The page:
Spectrum: Everything you need to know about Icasa's big plan - TechCentral

Spectrum: Everything you need to know about Icasa’s big plan

Communications regulator Icasa has published an Information Memorandum setting out five options for licensing so-called high-demand spectrum in South Africa, which will allow mobile operators to roll out both 4G and 5G infrastructure.

TechCentral first reported on Thursday that the regulator plans to license spectrum suitable for both 4G/LTE and next-generation 5G networks, a move that appears to go against a desire by government to license 5G as part of a separate process but one which is likely to be warmly welcomed by the telecommunications sector.

The licensing of the 3.5GHz band in particular is set to be welcomed — it has been earmarked worldwide as one of the key spectrum bands for 5G, with local operators keen to get access to spectrum that will allow them to begin offering 5G services as soon as next year.

Icasa plans to license the 700MHz and 800MHz bands (the “digital dividend” still occupied by analogue television broadcasters), along with spectrum at 2.3GHz, 2.6GHz and 3.5GHz. The plan will see the total spectrum made available to mobile operators increased from the current 566MHz to 958MHz.

The authority said it resolved to include 2.3GHz and 3.5GHz bands for licensing over and above the bands stipulated in government’s policy on high-demand spectrum and its policy direction on licensing of a wholesale open-access network (Woan) because 3.5GHz was identified for mobile cellular services at the World Radiocommunication Conference in 2004 and 2.3GHz in the International Telecommunication Union’s radio regulation in 2012.

Separate process

Whether the decision will be met with resistance from government is not yet clear, though communications minister Stella Ndabeni-Abrahams said in July that she wanted to push out the licensing of 5G-suitable spectrum as a separate process. However, late on Friday, the minister said in a statement that she “commends Icasa for its undertaking to expedite the spectrum licensing process”.

“The combined availability of spectrum within the low, mid and high ranges, with the appropriate amount of contiguous spectrum per network, as well as regulatory conditions, will facilitate the success of IMT (mobile telecoms), including all use cases,” Icasa said in motivation of its decision.

Specifically, Icasa plans to license:

  • 60MHz (2x30MHz) in the 700MHz band
  • 60MHz (2x30MHz) in the 800MHz band
  • 40MHz in the 2.3GHz band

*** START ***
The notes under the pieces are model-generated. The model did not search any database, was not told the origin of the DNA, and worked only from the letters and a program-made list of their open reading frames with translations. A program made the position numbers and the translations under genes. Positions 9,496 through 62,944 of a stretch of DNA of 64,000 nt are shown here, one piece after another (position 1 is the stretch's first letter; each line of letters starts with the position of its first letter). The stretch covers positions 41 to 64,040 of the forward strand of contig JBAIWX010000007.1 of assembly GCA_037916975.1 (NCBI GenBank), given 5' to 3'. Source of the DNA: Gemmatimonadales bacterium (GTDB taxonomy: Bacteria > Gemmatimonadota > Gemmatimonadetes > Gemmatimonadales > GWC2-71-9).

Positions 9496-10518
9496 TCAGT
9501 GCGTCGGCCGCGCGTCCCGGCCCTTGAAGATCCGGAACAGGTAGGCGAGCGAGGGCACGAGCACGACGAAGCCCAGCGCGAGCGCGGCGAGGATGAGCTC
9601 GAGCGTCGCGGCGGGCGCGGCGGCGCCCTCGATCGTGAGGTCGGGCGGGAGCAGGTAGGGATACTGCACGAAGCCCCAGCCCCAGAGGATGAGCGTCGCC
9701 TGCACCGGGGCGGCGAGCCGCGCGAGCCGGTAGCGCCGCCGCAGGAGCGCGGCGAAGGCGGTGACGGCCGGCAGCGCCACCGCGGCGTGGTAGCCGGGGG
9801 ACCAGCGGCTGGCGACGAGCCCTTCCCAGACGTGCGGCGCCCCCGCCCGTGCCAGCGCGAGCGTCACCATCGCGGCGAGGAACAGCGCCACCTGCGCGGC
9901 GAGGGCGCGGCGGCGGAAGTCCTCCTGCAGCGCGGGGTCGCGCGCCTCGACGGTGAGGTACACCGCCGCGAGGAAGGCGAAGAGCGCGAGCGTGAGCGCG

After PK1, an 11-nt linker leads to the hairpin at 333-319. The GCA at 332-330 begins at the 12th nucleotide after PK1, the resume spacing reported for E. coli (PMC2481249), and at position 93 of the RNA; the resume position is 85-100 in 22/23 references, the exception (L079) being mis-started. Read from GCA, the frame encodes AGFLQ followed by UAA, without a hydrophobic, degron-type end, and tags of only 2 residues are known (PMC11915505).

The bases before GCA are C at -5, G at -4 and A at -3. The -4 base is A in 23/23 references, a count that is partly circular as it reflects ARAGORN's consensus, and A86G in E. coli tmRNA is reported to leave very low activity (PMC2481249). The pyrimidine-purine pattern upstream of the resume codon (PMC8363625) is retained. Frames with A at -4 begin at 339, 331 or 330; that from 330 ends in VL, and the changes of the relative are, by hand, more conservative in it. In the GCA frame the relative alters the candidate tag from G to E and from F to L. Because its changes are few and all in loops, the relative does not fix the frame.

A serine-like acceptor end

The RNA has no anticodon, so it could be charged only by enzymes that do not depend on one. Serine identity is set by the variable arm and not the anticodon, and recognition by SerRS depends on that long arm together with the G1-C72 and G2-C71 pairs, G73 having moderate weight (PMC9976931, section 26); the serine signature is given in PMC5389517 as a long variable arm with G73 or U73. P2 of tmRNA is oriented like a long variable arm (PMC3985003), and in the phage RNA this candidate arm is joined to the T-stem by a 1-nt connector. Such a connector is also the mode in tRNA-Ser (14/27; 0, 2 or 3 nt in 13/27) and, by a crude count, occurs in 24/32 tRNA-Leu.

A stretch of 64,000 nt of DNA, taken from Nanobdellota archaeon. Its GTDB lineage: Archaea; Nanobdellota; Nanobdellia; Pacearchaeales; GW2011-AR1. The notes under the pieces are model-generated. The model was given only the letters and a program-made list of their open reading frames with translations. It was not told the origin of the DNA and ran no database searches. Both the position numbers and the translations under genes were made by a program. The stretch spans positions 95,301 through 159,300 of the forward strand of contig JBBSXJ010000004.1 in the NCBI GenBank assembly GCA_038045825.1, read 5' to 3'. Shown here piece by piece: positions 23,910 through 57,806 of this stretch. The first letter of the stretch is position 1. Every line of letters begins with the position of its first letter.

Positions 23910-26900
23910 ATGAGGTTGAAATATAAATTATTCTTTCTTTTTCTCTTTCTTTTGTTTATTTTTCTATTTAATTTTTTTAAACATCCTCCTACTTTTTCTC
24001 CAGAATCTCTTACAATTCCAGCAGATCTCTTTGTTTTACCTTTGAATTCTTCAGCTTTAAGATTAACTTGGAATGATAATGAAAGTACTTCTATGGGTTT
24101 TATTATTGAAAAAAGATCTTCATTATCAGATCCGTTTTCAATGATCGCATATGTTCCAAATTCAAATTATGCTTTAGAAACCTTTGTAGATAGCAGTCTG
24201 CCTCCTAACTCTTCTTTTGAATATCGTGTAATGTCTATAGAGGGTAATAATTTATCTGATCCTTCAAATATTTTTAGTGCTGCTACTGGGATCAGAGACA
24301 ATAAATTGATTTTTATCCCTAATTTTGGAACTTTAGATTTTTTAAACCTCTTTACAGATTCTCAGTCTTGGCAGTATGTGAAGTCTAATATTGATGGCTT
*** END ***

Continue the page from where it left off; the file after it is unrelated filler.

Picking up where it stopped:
• 170MHz in the 2.6GHz band
  • 116MHz in the 3.5GHz band

The spectrum will be awarded on a national basis, with applicants eligible to bid for any of the lots that will be on offer. The reserve price for each lot will be different, to be determined by Icasa after consultation with the industry. Each lot is likely to fetch a reserve price in the billions of rand.

Radio frequency spectrum caps will be introduced for the licensing process, again to be determined the regulator following industry consultation.

Icasa’s five options for the 700MHz, 800MHz and 2.6GHz bands, which it has asked industry to comment on, are:

Source: Icasa

Source: Icasa

Source: Icasa

Source: Icasa

Source: Icasa

Icasa has also placed obligations on successful licensees. Among other things, those who receive spectrum must:

  • Provide data services across the country with an average upload of 15Mbit/s and average download of 30Mbit/s across by the country by 2025.
  • Achieve coverage targets, including in rural areas, still to be determined (certain spectrum lots only).
  • Provide open access to a minimum of three mobile virtual network operators. These MVNOs must have a minimum of 51% ownership from historically disadvantaged groups.
  • Buy a minimum 30% of national capacity from the Woan for a period of at least five years.

Icasa is considering various auction formats to sell the spectrum. Among these is the simultaneous multi-round auction, or SMRA, with generic spectrum lots. It appears to be the format that the regulator is likely to use. Specifically:

  • The SMRA is an open, ascending, multi-unit auction that takes place over a number of rounds. Bids are placed for individual lots and the auction proceeds in successive rounds with increasing prices until there are no new bids. A point-based activity rule is often used, under which bidders may only decrease or maintain their level of demand from one round to the other, as measure by the number of eligibility points. In each round, the highest bid placed on each lot is called a standing high bid. When the auction ends, standing high bids become winning bids and the bidders pay the amounts they bid.
  • The SMRA with generic lots has been used in several recent multi-band spectrum awards in Europe.
  • The reserve price of each lot will be published in the invitation to apply.
  • The auction will take place at a venue determined by Icasa with all bidders co-located in the same building.  — (c) 2019 NewsCentral Media

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